An email from CHRC attorney Daniel Poulin, expanding on this earlier email:
Dear Tribunal and Parties,
We write further to the correspondence that has been exchanged by the parties in regards to the impact of the Warman v Lemire decision recently rendered by the Tribunal.
It is the position of the Commission submits that the Tribunal should proceed on hearing the matter pending before it in the present case. Consequently, the matter should neither be adjourned sine die or simply dismissed.
In Warman v. Lemire, the Tribunal found that the penalty provision in s. 54(1)(c) was not a reasonable limit on freedom of expression under the Charter. In the instant case, the Commission will no longer be seeking a penalty under 54(1)(c) of the Act as was originally included in its Statement of Particulars. The Commission therefore respectfully submits that the Tribunal ought to proceed with a hearing of the Complaint to determine if section 13 has been infringed, and if so, to exercise its discretion under s. 54(1)(a).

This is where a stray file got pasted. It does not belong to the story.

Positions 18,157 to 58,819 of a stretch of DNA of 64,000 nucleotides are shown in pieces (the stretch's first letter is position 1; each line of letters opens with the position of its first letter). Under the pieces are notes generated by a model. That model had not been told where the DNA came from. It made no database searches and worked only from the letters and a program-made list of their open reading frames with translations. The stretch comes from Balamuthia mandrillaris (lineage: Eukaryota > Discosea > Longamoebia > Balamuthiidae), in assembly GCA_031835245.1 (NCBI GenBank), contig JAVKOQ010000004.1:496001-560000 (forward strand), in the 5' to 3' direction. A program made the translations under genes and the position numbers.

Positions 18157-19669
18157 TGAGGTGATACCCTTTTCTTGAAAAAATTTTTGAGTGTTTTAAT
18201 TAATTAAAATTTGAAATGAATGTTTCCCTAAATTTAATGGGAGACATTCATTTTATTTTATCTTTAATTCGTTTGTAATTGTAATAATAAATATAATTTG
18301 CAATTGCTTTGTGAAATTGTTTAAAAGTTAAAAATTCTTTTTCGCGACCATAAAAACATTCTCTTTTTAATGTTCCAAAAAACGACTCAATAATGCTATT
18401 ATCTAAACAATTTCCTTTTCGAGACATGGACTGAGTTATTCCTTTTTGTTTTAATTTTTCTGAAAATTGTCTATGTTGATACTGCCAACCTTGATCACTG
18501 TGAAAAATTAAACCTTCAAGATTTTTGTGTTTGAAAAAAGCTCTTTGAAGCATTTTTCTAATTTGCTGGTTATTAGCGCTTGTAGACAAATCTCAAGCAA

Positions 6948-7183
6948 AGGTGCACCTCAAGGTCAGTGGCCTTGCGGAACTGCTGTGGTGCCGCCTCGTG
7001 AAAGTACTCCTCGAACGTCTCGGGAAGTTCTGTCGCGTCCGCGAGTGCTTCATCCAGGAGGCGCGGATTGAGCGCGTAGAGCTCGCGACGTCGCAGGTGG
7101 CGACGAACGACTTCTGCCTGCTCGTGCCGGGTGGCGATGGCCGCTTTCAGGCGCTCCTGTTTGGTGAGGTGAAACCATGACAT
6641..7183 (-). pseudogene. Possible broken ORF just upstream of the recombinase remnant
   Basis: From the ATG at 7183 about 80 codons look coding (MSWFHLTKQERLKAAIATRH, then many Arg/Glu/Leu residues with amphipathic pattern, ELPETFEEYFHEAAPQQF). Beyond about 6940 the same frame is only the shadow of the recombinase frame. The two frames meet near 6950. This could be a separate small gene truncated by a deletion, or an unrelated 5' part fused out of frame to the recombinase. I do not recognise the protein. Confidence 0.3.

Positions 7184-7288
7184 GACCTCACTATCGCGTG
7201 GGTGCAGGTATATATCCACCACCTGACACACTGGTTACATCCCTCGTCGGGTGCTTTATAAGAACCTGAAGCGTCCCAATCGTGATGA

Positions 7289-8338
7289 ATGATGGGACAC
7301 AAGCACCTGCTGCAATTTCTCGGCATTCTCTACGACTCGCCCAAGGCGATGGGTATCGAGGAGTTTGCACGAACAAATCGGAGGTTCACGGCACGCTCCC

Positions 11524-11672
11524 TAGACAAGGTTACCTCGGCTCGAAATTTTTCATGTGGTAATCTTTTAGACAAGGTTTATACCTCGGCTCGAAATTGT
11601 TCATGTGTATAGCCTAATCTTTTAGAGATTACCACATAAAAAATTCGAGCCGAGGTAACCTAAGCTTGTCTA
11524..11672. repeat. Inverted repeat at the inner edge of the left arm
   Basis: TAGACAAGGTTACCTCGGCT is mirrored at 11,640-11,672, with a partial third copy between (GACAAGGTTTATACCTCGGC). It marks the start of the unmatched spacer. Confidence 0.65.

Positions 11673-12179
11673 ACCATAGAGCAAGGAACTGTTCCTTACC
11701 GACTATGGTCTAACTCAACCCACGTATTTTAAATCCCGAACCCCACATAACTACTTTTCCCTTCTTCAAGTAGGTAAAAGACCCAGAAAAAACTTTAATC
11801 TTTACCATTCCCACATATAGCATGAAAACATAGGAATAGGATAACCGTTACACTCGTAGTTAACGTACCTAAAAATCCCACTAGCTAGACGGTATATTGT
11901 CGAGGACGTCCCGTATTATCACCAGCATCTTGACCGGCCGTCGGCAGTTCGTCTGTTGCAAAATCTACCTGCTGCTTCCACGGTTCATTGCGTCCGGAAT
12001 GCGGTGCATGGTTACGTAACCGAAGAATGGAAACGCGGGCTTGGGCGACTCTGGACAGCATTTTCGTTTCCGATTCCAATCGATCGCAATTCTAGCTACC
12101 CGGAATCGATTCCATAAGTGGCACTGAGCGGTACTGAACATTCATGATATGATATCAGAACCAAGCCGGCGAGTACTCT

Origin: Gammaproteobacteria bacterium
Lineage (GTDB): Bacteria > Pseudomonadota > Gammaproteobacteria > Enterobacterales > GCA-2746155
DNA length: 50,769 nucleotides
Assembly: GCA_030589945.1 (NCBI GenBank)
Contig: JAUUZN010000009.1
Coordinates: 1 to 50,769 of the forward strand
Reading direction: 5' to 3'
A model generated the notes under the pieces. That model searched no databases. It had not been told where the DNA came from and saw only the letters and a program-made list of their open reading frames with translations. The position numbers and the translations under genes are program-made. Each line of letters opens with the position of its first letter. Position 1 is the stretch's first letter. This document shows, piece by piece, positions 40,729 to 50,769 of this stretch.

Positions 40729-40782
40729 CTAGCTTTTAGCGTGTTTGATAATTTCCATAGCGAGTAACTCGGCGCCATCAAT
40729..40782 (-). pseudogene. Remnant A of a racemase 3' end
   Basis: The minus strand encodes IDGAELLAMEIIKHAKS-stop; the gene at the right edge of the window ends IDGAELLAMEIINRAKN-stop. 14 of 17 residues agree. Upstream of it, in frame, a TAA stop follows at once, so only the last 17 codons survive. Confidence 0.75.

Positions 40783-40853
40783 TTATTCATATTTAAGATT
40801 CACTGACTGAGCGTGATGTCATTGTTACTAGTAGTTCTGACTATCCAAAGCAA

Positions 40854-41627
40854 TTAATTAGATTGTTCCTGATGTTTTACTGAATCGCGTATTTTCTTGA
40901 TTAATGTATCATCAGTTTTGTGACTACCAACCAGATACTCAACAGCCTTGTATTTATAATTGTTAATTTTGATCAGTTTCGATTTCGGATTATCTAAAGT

Yours truly, Daniel Poulin
Canadian Human Rights Commission
..which tells us what the CHRC wants to do in Abrams V. Topham, and may do in future S 13 cases, at least until Warman V. Lemire issues are hashed out: simply drop all requests for penalties under section 54 and continue to ask for a determination as to whether S13 has been infringed.
S.13 being the hate messages provision in the CHRA.
So: the CHRC will still (for the time being) process complaints re hate messaging. It will treat section 13 as constitutionally okay, and drop appeals to section 54. Which is what most people, including me, expected. The core of the law is 13; 54 is a frill.